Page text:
By Jose Cruz Roa
SACRAMENTO, CA – COVID-19 cases in California have recently been declining. On Feb. 7, it was reported that case rates have decreased by 65 percent since the Omicron variant peak that occurred a few months ago. Hospitalization rates have also stabilized across California. As COVID-19 cases continue to decrease, California Governor Gavin Newson has announced that the state is set to lift its indoor mask mandate on Feb. 15 for those who are vaccinated.
This new announcement comes nearly two months after the mandate was re-imposed across all 58 counties in California when the highly transmissible Omicron variant rose and sparked new waves of infections.
“Unvaccinated people will still need to wear masks indoors. Get vaccinated. Get boosted,” tweeted Governor Newsom on Twitter.
Although the mask mandate is being lifted, it will still be in place for those who are unvaccinated as well as K-12 students in school. The mask mandate will also still be required in populations at high risk for COVID-19, for both vaccinated and unvaccinated individuals. Such populations include: nursing homes, public transportation, and other congregate living facilities.
According to state data, it has been reported that as of Feb. 9, more than 82 percent of California’s population has been vaccinated. Additionally, with the release of the booster shot, it was found that the booster is 70 to 75 percent more effective than being double vaxxed.
However, cases still continue to occur every day. Unvaccinated people account for the vast majority of hospitalizations in the past few months as they are 5.9 times more likely to get COVID-19 than people who have received the booster.
“Omicron has loosened its hold on California, vaccines for children under 5 are around the corner, and access to COVID-19 treatments is improving,” said state Public Health Officer Dr. Tomás J. Aragón. “With things moving in the right direction, we are making responsible modifications to COVID-19 prevention measures, while also continuing to develop a longer-term action plan for the state.”
Currently, the plan includes that local governments can still continue their own indoor mask mandates, and some counties have decided to continue them. These counties include Santa Clara and Los Angeles. On Feb. 9, Health Director for Santa Clara county, Dr. Sara Cody, announced at a news conference that the mandate for Santa Clara will not be lifted as the cases in their county are still increasing.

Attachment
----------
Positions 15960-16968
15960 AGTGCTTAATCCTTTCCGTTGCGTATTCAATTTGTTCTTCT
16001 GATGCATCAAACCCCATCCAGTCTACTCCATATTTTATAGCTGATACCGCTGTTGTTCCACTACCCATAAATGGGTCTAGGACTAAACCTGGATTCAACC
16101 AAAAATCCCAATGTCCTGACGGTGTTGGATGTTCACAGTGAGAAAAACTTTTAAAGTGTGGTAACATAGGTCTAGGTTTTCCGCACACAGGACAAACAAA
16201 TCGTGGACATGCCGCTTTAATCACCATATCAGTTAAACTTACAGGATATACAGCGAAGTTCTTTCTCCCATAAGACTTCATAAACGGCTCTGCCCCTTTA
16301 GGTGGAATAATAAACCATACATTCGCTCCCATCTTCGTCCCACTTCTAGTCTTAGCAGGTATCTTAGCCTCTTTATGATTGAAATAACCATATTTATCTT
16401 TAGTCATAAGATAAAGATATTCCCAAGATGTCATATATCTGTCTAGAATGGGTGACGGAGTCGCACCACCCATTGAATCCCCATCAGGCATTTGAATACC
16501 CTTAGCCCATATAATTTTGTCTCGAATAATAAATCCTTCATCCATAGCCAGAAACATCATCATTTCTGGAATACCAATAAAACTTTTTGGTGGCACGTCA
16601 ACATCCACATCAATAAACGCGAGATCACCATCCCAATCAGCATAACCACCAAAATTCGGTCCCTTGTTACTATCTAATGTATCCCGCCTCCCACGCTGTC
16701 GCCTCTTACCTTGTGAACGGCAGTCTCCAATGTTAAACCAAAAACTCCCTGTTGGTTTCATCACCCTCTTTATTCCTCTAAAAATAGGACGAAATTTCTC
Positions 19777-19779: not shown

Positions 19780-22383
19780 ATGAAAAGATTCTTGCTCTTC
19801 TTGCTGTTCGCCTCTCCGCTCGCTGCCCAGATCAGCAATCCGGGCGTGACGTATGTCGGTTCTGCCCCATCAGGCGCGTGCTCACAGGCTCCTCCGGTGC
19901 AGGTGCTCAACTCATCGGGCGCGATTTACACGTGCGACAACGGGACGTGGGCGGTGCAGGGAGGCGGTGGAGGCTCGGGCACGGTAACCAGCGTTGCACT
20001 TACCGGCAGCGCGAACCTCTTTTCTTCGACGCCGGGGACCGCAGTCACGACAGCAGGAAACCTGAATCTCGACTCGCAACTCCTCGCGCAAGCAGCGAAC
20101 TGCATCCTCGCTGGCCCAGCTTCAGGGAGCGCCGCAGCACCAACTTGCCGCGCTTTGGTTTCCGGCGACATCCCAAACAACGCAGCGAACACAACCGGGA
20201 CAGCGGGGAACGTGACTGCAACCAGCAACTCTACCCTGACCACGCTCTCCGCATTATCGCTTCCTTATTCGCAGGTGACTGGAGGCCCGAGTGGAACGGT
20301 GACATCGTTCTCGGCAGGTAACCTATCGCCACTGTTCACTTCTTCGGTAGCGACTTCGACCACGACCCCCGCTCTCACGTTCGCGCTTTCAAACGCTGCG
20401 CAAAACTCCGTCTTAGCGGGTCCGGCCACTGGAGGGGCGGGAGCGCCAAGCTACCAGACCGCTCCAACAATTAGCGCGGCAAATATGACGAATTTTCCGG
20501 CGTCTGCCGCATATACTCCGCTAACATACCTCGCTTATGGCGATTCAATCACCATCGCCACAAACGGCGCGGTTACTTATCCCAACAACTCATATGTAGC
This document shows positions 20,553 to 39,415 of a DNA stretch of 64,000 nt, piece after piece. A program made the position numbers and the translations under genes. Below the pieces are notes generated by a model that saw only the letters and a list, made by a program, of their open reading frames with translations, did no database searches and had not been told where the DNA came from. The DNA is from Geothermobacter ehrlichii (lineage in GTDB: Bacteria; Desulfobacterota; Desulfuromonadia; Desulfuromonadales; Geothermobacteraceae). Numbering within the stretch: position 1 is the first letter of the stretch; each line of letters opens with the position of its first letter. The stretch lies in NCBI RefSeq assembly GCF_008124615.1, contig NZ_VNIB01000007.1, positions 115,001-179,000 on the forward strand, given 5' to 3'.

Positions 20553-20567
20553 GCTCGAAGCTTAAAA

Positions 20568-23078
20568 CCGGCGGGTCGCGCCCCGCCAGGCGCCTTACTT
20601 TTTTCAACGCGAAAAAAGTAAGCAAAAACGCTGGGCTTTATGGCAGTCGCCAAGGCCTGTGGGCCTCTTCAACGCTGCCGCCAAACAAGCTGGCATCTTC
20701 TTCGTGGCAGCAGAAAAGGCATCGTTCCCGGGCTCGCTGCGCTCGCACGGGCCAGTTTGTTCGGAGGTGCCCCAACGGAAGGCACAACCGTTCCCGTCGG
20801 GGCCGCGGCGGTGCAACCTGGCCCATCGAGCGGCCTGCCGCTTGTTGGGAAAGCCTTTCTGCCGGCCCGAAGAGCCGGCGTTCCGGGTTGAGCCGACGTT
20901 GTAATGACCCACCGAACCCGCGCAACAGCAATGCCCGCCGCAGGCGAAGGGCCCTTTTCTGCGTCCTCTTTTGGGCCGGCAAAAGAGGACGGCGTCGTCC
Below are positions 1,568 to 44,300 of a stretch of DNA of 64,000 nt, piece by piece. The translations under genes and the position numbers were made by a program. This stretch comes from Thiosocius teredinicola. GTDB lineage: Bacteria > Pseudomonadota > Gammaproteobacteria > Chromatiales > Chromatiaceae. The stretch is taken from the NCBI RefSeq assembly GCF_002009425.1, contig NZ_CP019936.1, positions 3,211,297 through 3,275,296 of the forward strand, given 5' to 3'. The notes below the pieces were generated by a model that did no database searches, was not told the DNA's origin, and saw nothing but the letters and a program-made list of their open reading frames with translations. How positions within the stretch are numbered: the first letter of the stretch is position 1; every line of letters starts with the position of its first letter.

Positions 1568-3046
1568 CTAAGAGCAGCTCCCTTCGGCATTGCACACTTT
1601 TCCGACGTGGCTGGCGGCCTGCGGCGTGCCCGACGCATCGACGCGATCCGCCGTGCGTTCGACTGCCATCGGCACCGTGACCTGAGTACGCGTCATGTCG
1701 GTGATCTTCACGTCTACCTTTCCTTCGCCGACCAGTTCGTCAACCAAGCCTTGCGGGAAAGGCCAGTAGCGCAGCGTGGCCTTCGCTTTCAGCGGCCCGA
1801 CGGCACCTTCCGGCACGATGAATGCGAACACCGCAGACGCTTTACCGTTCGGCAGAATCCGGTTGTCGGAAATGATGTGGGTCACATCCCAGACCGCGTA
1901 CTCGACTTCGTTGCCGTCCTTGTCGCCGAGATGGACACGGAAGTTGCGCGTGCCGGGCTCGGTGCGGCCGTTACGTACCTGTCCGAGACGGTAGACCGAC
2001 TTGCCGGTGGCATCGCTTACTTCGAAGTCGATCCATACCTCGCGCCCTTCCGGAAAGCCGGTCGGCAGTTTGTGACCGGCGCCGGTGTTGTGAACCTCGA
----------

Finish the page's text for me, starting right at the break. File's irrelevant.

With Santa Clara county facing 1,900 new cases per day, Dr. Cody said, “Currently we are emerging from the Omicron surge and it’s been about a month since the peak and our cases and our case rates are 40 percent of what they were.” ” But we still have very high levels of community transmission,” Cody continued, “still higher than at any other point in the pandemic pre Omicron. And so the risk of being exposed to someone with COVID in our community is still high.”
In Los Angeles County, health officials are waiting until hospitalizations have dropped below 2,500 for seven days and case counts have dropped to 50 new cases per 100,000 people.
“This is not the right time to stop wearing our masks when around others indoors, and in outdoor crowded settings,” said L.A. County Public Health Director Barbara Ferrer.
Unless otherwise specified by a specific county, state officials have announced that unvaccinated people at large indoor events with more than 1000 people will be required to continue wearing masks while those who are vaccinated will need a negative COVID-19 test. Additionally, outdoor events with more than 10,000 attendees will not be required to be vaccinated, but a mask and negative COVID-19 test are highly recommended.
As the mask mandate is being lifted in most of California, K-12 students are still required to continue wearing masks at school. California health officials said on Feb. 7 that they are “continuing to work with education, public health and community leaders to update masking requirements at schools to adapt to changing conditions and ensure the safety of kids, teachers, and staff.”